From Billesley Common, Birmingham in National League One to Twickenham for the Premiership Final, Joe Carpenter’s season has been a tale of dramatic personal progress.
Sale’s 21-year-old, Leeds-born full-back started this breakthrough campaign in English rugby’s third tier, having been hampered by injury setbacks since crossing the Pennines when Yorkshire Carnegie were forced to abandon their professional status.
Carpenter started for Sale FC against Birmingham Moseley on September 3 and he is still trying to rationalise what has happened since.
When the door opened ajar, the rookie burst through it. Injuries to other Sharks full-backs meant director of rugby Alex Sanderson recalled Carpenter from his loan stint and pitched him into first-team action. He has been such a revelation as Sale’s new No 15 – resolute under the high ball and a dashing creator and finisher in attack – that he was named in the Premiership Team of the Year.
Joe Carpenter was pitched him into first-team action at Sae after injuries to other full-backs
The 21-year-old was such a success that he was named in Premiership Team of the Year
It has all happened so fast, it is no wonder that it feels surreal.
‘You would like to think you would get here, but the coach at Sale FC text me before the semi-final and he was like, “From playing Moseley to a Prem semi-final”,’ said Carpenter. ‘I would always like to think I would have got a Premiership opportunity, but to think at the start of the year that I would be starting in a Prem Final, I would have been like, “Do one, it’s not going to happen this year”.
‘It came out of nowhere really. Unfortunately, Luke (James) got a knock and Jase (Woodward) was down at the time as well, so it was the perfect time to take the opportunity and hopefully I’ve done that this year. I played for Sale FC last season and at the start of this year. Then the Prem Cup came round, we played Leicester and I got an opportunity against Exeter a couple of weeks after.’
All of a sudden, Carpenter was propelled from National League One matches against part-timers to taking on some of the finest full-backs in Europe. ‘When I first got the opportunity, I was quite giddy,’ he said. ‘I played Hogg in the first game; a guy I’ve grown up watching do pretty special things. Then I played Freddie Steward a couple of weeks later.
‘I was quite excited to see what I was like against those boys. But now we have gone through the cycle of playing all the teams and it is just about trying to be better in your position on the day.’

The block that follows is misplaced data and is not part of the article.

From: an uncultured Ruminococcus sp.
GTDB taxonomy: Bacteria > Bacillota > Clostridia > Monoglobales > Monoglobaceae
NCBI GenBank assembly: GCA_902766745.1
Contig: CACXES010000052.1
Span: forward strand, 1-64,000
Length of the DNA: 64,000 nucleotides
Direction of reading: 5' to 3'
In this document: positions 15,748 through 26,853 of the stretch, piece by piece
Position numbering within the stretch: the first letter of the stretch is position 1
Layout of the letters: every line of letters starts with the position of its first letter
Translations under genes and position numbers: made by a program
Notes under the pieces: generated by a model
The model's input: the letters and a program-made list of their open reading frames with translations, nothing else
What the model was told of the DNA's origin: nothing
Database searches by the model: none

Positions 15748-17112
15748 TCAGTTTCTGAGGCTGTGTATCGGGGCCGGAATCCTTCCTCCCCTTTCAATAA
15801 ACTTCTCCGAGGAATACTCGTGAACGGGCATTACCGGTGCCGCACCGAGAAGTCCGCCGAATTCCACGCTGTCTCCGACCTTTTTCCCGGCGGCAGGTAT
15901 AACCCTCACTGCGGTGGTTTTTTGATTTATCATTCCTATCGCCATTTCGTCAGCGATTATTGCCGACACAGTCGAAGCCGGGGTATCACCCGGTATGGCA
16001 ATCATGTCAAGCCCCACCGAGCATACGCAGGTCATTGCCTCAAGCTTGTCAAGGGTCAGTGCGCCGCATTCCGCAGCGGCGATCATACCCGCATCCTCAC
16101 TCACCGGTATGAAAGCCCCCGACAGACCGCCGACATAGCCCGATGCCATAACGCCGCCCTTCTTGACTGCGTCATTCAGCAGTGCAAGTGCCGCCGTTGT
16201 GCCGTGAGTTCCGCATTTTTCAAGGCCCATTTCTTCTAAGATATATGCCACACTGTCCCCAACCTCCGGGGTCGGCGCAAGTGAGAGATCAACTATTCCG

As a proud Yorkshireman, Carpenter had come through the ranks at what was then Yorkshire Carnegie – now back to being Leeds Tykes – before he and so many other academy graduates there were left to find another club.
He moved to Sale just before his 18th birthday, but many of his contemporaries struggled for an outlet to fulfil their career ambitions.
‘My year and the year above got the brunt of it, as we were hoping to move into a professional environment at the time,’ he said of the grim upheaval at Headingley. ‘We were a good side in the Championship and that’s how we saw it all progressing.
‘When it all happened, our academy manager just sent out a list of the players and said if any clubs wanted them, please take them. They’d put all this time into us and wanted to see us progress. I was fortunate to get a spot here, but a lot of lads didn’t. They weren’t going into a Carnegie professional environment, but they weren’t getting anywhere else. It stumped a lot of them for a few years, which was a big shame.’
Having made the move west, Carpenter has now made his mark in the top division and can’t wait to be involved in the final. For a decade, he has watched the annual, end-of-season club showpiece and marvelled at the spectacle.
Carpenter is still coming to terms with his dramatic breakthrough this season
‘Just the craziest thing for me is that I’ve watched the Prem Final every year for the past 10 or 11 years,’ he said. ‘So for my first season to end in a Prem Final. I’ve watched the big players take part in it for so many years, then it’s like, “Wow, we’re going to be in that and hopefully winning that”.
‘You see the celebrations and everything afterwards and you’re just watching it on the telly thinking, “That looks amazing”. Now we have an opportunity to potentially do that.’
Win or lose, Sale will be flying to Marbella on Sunday for a squad party in the sun. Carpenter hopes they will have to find space for some excess baggage.
‘That will be a well-needed blow-out and hopefully we can get the trophy on the plane with us,’ he said. ‘That would be pretty funny.’